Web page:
printf("%e", 31.4)              generates 3.140000e+01
    printf("%.2E", 31.4)            generates 3.14E+01

You write %f %F, %k, %K, %r, or %R to generate a signed decimal fractional representation with no exponent. The generated text takes the form ±d.ddd, where ± is either a plus or minus sign, d is a decimal digit, and the decimal point (.) is the decimal point for the current locale. The generated text has at least one integer digit, a decimal point if p is nonzero or if you specify the # format flag, and p fraction digits. The result is rounded.

    printf("%f", 31.4)              generates 31.400000
    printf("%.0f %#.0f", 31.0, 31.0)generates 31 31.

You write %g or %G to generate a signed decimal fractional representation with or without a decimal power-of-ten exponent, as appropriate. For %g conversion, the generated text takes the same form as either %e or %f conversion. For %G conversion, it takes the same form as either %E or %F conversion. The precision p specifies the number of significant digits generated. (If p is zero, it is changed to 1.) If %e conversion would yield an exponent in the range [-4, p), then %f conversion occurs instead. The generated text has no trailing zeros in any fraction and has a decimal point only if there are nonzero fraction digits, unless you specify the # format flag.

    printf("%.6g", 31.4)            generates 31.4
    printf("%.1g", 31.4)            generates 3.14e+01

You write %n to store the number of characters generated (up to this point in the format) in an integer object whose address is the value of the next successive argument.

    printf("abc%n", &x)                   stores 3

You write %p to generate an external representation of a pointer to void. The conversion is implementation defined.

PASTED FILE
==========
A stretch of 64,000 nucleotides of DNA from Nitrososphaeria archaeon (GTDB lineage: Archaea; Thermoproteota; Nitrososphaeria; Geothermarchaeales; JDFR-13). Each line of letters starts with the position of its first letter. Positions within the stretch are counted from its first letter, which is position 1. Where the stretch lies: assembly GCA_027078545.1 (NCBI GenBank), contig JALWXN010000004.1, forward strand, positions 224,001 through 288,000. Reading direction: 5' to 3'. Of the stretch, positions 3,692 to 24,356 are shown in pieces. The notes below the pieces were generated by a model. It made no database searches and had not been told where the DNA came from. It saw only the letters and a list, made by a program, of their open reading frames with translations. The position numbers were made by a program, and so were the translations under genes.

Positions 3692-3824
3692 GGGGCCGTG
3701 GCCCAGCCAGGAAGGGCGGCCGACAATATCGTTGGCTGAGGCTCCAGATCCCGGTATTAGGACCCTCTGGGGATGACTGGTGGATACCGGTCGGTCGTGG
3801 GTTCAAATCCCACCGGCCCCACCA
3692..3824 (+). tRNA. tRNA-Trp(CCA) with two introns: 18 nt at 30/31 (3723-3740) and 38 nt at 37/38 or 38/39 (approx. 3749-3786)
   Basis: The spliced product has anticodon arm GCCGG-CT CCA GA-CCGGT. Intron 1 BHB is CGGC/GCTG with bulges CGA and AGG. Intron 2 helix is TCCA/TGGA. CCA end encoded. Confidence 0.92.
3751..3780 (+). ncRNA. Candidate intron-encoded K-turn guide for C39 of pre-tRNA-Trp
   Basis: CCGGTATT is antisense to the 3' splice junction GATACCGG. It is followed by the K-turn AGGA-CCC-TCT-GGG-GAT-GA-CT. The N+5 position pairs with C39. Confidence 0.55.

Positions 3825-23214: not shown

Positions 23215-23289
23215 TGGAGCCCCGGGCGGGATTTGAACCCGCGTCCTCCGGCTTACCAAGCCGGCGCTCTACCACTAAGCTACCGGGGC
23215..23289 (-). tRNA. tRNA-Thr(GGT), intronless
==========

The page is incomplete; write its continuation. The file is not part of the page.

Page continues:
printf("%p", (void *)&x)        generates, e.g. F4C0

You write %s to generate a sequence of characters from the values stored in the argument C string.

    printf("%s", "hello")           generates hello
    printf("%.2s", "hello")         generates he

For a wide stream, conversion occurs as if by repeatedly calling mbrtowc, beginning in the initial conversion state. The conversion generates no more than p characters, up to but not including the terminating null character.

    wprintf(L"%s", "hello")         generates hello

You write %ls to generate a sequence of characters from the values stored in the argument wide-character string. For a byte stream, conversion occurs as if by repeatedly calling wcrtomb, beginning in the initial conversion state, so long as complete multibyte characters can be generated. The conversion generates no more than p characters, up to but not including the terminating null character.

    printf("%ls", L"hello")         generates hello
    wprintf(L"%.2s", L"hello")      generates he

You write %% to generate the percent character (%).

    printf("%%")                    generates %

See also the Table of Contents and the Index.

Copyright © 1992-2006 by P.J. Plauger and Jim Brodie. All rights reserved.

Last modified: 2013-12-21